Association of habituation with endogenous alpha-melanocyte-stimulating hormone in the brain of the toad, Bufo cognatus
Several lines of evidence indicate that, in mammalian and nonmammalian vertebrates, alpha-melanocyte- stimulating hormone (a-MSH) acts as a neurotransmitter/neuromodulator within the brain to enhance learning and memory. Although a great deal is known about the pharmacological effects of a-MSH peptides on learning, virtually nothing is known about the physiological role of endogenous a-MSH neurons in learning behavior. I used a simple behavioral model of learning, habituation of prey-catching behavior in the toad Bufo cognatus, to examine whether learning behavior is associated with alterations in the activity of melanotropin cells in the brain and pituitary gland. Changes in the tissue concentration of a-MSH in specific brain areas were used to gauge changes in the synthetic/secretory actions of brain a-MSH cells.
The distribution of a-MSH and adrenocorticotropin (ACTH) in the brain of the toad was examined by immunocytochemistry using the avidin biotinylated-peroxidase technique. Pro-opiomelanocortin (POMC) perikarya were detected in the ventral infundibular nucleus and the lateral hypothalamic nucleus. The cells projected their fibers toward brain areas that included the ventral telencephalon, the ventral hypothalamus, the tectum and pretectal area, the brainstem, and the spinal cord. Intense immunoreactive staining was observed in the olfactory nucleus and the nucleus accumbens, the medial anterior thalamus, the preoptic nuclei, and the infundibulum.
The immunocytochemical localization of a-MSH-immunoreactivity in the brain of B. cognatus was confirmed by biochemical studies. First, heterologous radioimmunoassay of a-MSH in the toad was validated by the demonstration of parallelism between serially diluted brain extracts and plasma and synthetic a-MSH. a-MSH concentration was highest in the caudal thalamus and retrochiasmatic hypothalamus, followed by the caudal telencephalon and preoptic area, the rostral telencephalon, the brainstem and the optic tectum. With one exception, there were no significant differences at any time point between control and habituated animals. However, significant changes in brain a-MSH content were observed within each group over time. In the brains of both habituated and control animals, a-MSH content was increased in the hypothalamic and the preoptic areas and decreased in the telencephalic area and the brainstem.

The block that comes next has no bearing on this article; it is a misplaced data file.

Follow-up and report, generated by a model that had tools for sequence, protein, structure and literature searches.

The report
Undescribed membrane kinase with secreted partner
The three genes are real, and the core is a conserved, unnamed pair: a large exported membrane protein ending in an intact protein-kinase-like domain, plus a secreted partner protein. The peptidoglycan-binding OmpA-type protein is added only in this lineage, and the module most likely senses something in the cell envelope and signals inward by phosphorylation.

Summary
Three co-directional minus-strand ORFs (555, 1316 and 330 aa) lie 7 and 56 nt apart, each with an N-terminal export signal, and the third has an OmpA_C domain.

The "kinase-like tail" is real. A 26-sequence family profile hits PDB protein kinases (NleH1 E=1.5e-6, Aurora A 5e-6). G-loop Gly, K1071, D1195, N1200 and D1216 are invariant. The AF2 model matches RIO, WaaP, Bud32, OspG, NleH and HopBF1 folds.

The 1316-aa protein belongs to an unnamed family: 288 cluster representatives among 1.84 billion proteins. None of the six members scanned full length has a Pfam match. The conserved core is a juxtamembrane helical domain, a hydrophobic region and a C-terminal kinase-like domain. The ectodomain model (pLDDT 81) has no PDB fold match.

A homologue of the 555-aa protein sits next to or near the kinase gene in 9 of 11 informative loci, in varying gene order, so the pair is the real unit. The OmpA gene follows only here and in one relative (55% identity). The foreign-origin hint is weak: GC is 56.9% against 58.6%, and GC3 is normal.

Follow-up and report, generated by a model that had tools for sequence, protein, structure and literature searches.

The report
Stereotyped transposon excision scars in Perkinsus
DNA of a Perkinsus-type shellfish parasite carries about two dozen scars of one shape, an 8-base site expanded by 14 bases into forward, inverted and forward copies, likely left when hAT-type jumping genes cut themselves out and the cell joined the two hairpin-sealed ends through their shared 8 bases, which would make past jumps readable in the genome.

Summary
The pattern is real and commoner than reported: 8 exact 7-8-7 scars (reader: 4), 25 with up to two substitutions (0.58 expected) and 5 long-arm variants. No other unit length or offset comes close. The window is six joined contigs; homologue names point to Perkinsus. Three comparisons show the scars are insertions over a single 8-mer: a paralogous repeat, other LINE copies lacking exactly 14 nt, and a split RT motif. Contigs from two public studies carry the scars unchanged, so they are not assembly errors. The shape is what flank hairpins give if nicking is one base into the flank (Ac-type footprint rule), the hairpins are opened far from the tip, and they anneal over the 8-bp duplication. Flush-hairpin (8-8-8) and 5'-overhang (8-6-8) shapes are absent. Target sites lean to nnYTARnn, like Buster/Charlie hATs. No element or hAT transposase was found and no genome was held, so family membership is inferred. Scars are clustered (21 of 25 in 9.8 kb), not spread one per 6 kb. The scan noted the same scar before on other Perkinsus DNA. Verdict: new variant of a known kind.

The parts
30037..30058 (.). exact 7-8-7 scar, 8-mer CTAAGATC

My immunocytochemical and biochemical findings suggest that, aside fi'om its hormonal activity in the control of melanosome dispersion, a- MSH may play a role as a neurotransmitter and/or neuromodulator in the toad brain. Furthermore, it seems that the habituation of prey-catching behavior is not associated with changes in the activity of a-MSH levels in the brain and the plasma of toads. Prolonged confinement might cause alterations in the activity of neuronal and pituitary POMC cells.